Report - - Oxenhall Canal Tunnel, Gloucestershire - March 2015 | Underground Sites | 28DaysLater.co.uk

Report - Oxenhall Canal Tunnel, Gloucestershire - March 2015

Bertie Bollockbrains

The Spice Must Stop
Regular User
Oxenhall is a small village in Gloucestershire near to the town of Newent and is home to the 13th longest canal tunnel in England. The tunnel is 2192 yards (1.24 miles) long and was opened in 1798 as a side branch of the Herefordshire and Gloucestershire Canal leading to the coalfields of Newent. The tunnel was only in use for a short time and quickly fell into disrepair.

This report is of a paddle about a mile into the tunnel from the south portal. A complete roof-fall blockage near to the north portal of the tunnel made further progress impossible. Equipment used were inflatable Seykkor Kayaks.

Visited with Huey and a non-member.


The Herefordshire and GloucestershireCanal is a canal in the west of England which ran for 34 miles from Hereford to Gloucester, where it linked to the River Severn. It was opened in two phases in 1798 and 1845, and closed in 1881 when the southern section was used for the course of the Ledbury and Gloucester Railway. It is the subject of an active restoration scheme.

The first plans to construct the canal were made in 1777, but nothing much happened until 1790 when the route was resurveyed. It was decided that a branch would be built to Newent where there were minor coalfields. Some of the promoters began to think that improving the River Wye might be a better option, but the announcement of new seams of coal at Newent resulted in a decision to obtain an Act of Parliament, which was granted in April 1791.

In 1792 the route was re-surveyed again, and recommended a diversion to Newent. This route required a 2192 yard tunnel at Oxenhall, and another act of parliament was obtained in 1793 to sanction the new route. By late 1795, the initial section was open to Newent, but the tunnel was causing major financial problems.

In order to build the tunnel, twenty shafts were sunk along its route, so that there could be multiple working faces. However there were considerable difficulties caused by the volume of water entering the shafts. Horse-powered pumps proved inadequate, and eventually steam-powered pumps were employed, but this added to the cost, and the tunnel was a large factor in the failure to complete the canal.

The canal was opened to within one mile of Ledbury in 1798, but stopped there as the cost had far exceeded the estimates. The Coal Branch to the mines at Newent was never a success as the coal was of very poor quality and the branch fell into disuse very quickly.

The second stage of the contstruction of the canal was completed in 1845 but the canal had cost far more to build than was originally planned. The whole canal had been estimated at £69,997 in 1790, but the section to Ledbury had cost in excess of £104,000 and the second phase had cost £141,436.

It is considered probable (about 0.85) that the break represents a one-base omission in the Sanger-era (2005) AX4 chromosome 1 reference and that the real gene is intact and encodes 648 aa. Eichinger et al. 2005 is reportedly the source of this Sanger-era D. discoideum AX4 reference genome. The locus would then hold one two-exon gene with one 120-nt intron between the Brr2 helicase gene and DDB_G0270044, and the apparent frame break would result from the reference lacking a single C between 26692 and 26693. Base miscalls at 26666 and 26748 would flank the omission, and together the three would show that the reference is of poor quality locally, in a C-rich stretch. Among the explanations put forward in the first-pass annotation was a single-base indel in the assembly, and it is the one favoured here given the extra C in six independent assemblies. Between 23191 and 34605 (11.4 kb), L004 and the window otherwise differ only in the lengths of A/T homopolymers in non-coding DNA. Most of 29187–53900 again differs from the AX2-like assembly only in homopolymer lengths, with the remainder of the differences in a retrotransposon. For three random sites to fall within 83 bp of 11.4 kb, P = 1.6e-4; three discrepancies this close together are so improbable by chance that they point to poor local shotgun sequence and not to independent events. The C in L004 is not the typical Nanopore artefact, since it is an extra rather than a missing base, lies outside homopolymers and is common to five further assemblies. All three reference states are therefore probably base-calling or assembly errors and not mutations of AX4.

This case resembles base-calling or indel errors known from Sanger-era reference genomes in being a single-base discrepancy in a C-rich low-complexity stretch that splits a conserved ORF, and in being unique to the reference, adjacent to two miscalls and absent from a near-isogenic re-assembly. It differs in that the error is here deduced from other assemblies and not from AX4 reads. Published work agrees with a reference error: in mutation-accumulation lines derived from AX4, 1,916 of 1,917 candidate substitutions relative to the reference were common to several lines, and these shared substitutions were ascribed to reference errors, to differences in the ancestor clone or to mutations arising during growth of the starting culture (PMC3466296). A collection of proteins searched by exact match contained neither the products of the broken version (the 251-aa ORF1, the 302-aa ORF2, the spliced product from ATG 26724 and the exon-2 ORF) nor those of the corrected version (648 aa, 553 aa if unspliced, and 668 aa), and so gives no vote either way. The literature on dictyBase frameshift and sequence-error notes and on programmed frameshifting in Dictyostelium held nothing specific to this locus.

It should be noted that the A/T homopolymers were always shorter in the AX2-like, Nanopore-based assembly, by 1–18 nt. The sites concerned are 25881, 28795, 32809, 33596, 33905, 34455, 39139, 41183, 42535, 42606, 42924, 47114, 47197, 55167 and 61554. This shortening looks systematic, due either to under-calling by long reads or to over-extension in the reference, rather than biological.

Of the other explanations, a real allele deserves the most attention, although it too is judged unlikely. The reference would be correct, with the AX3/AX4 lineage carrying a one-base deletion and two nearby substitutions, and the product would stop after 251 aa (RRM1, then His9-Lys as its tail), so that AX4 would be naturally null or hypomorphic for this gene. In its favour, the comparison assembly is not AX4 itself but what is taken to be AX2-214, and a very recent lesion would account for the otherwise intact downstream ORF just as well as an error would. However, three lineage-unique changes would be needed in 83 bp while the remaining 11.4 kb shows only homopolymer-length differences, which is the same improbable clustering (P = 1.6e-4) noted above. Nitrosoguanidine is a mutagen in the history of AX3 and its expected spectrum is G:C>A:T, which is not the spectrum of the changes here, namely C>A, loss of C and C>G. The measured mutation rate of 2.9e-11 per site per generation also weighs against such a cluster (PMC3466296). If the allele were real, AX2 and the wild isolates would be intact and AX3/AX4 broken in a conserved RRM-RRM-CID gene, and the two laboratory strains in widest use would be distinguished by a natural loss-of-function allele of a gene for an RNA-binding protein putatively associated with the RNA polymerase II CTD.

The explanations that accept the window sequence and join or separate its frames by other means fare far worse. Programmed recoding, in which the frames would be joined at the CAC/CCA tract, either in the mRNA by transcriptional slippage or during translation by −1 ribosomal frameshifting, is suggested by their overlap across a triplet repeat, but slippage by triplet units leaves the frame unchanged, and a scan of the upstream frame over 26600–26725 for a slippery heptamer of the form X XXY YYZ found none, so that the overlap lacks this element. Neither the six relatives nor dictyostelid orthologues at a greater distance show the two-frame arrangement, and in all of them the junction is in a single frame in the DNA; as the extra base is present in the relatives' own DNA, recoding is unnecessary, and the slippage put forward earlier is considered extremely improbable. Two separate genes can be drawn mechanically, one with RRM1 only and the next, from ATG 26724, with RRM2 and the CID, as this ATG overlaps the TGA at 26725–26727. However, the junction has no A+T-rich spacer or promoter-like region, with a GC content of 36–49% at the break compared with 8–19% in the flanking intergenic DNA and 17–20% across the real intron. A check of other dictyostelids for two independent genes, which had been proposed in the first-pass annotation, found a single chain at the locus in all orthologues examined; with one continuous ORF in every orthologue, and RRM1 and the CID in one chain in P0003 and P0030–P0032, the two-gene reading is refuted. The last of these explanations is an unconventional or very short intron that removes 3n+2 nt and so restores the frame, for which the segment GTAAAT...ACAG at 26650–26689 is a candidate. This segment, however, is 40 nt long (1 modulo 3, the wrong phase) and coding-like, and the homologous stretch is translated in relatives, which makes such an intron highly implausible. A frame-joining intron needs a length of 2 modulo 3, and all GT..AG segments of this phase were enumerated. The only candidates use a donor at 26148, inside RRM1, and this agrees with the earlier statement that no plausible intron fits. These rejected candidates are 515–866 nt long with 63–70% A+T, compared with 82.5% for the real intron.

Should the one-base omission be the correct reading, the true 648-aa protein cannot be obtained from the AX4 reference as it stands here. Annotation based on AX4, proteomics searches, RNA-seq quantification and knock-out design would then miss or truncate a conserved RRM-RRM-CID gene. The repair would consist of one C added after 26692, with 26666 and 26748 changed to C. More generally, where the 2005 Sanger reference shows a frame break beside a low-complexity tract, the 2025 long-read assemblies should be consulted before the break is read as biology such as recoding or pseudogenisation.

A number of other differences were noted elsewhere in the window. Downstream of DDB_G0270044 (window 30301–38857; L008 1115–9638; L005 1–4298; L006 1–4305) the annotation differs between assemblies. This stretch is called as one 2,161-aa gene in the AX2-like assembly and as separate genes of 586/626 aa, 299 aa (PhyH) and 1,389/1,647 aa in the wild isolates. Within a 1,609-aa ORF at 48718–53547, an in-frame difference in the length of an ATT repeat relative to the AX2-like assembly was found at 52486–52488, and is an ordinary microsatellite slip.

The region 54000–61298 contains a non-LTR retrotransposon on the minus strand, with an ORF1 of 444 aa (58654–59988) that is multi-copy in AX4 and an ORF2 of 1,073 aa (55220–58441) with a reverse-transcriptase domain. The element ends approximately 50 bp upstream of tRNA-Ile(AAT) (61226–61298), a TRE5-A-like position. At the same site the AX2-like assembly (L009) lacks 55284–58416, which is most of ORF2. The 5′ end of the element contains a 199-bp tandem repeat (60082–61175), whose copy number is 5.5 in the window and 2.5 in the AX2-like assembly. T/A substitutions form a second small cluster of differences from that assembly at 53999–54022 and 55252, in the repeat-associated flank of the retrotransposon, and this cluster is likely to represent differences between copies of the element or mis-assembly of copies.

Traffic on the canal increased to the extent that a timetable for the transit of the Oxenhall tunnel had to be introduced in 1849. This was not always successful, as the Hereford Times carried articles in May 1851 about an incident in which boats travelling in opposite directions had met in the middle, and neither would give way. There was deadlock for a period of 58 hours.

On 17 January 1862, less than 17 years after the opening to Hereford the canal was leased to the Great Western and West Midland Railway, with a view to converting it to a railway. This did not take place immediately, but on 30 June 1881, half of the canal was closed, and sections of it were used for the course of the Ledbury and Gloucester Railway. The Hereford to Ledbury section remained open, but gradually became disused. The Canal Company continued to receive rent from the Great Western Railway, which it distributed to its shareholders as dividends, and was not formally wound up until the railways were nationalised in 1948.


First things first, I apologise for the quality of the photos, my camera was definitely having an off day.

Ready to go. HMS Saveloy (rear) and HMS Sinking Ship (front):

Entry to portal is not easy and involved hauling the inflatable kayaks down a steep muddy bank. This is after hauling the kayaks across farmer fields. I could also say that this is after giving myself a hernia inflating the damn things.

It took just 15 minutes to paddle to the roof-fall a mile in. Here there is evidence of a recent party with litter, tea candles and err a geocache box with trinkets in. Rather worryingly, a single scaffolding pole appears to be holding the roof up.

I’m wearing nothing underneath my wetsuit, and I have to confess it was a rather arousing sensation. I need to tell wifey this.

Time to return. The obvious tidemark on the walls shows the orginal water level.






Mission accomplished:

Thanks for reading


Fear is the little death.
Regular User
Nice one guys! :thumb I think the photos look fine, looks like I missed out on a cracking little trip. Sorry I couldn't make it.

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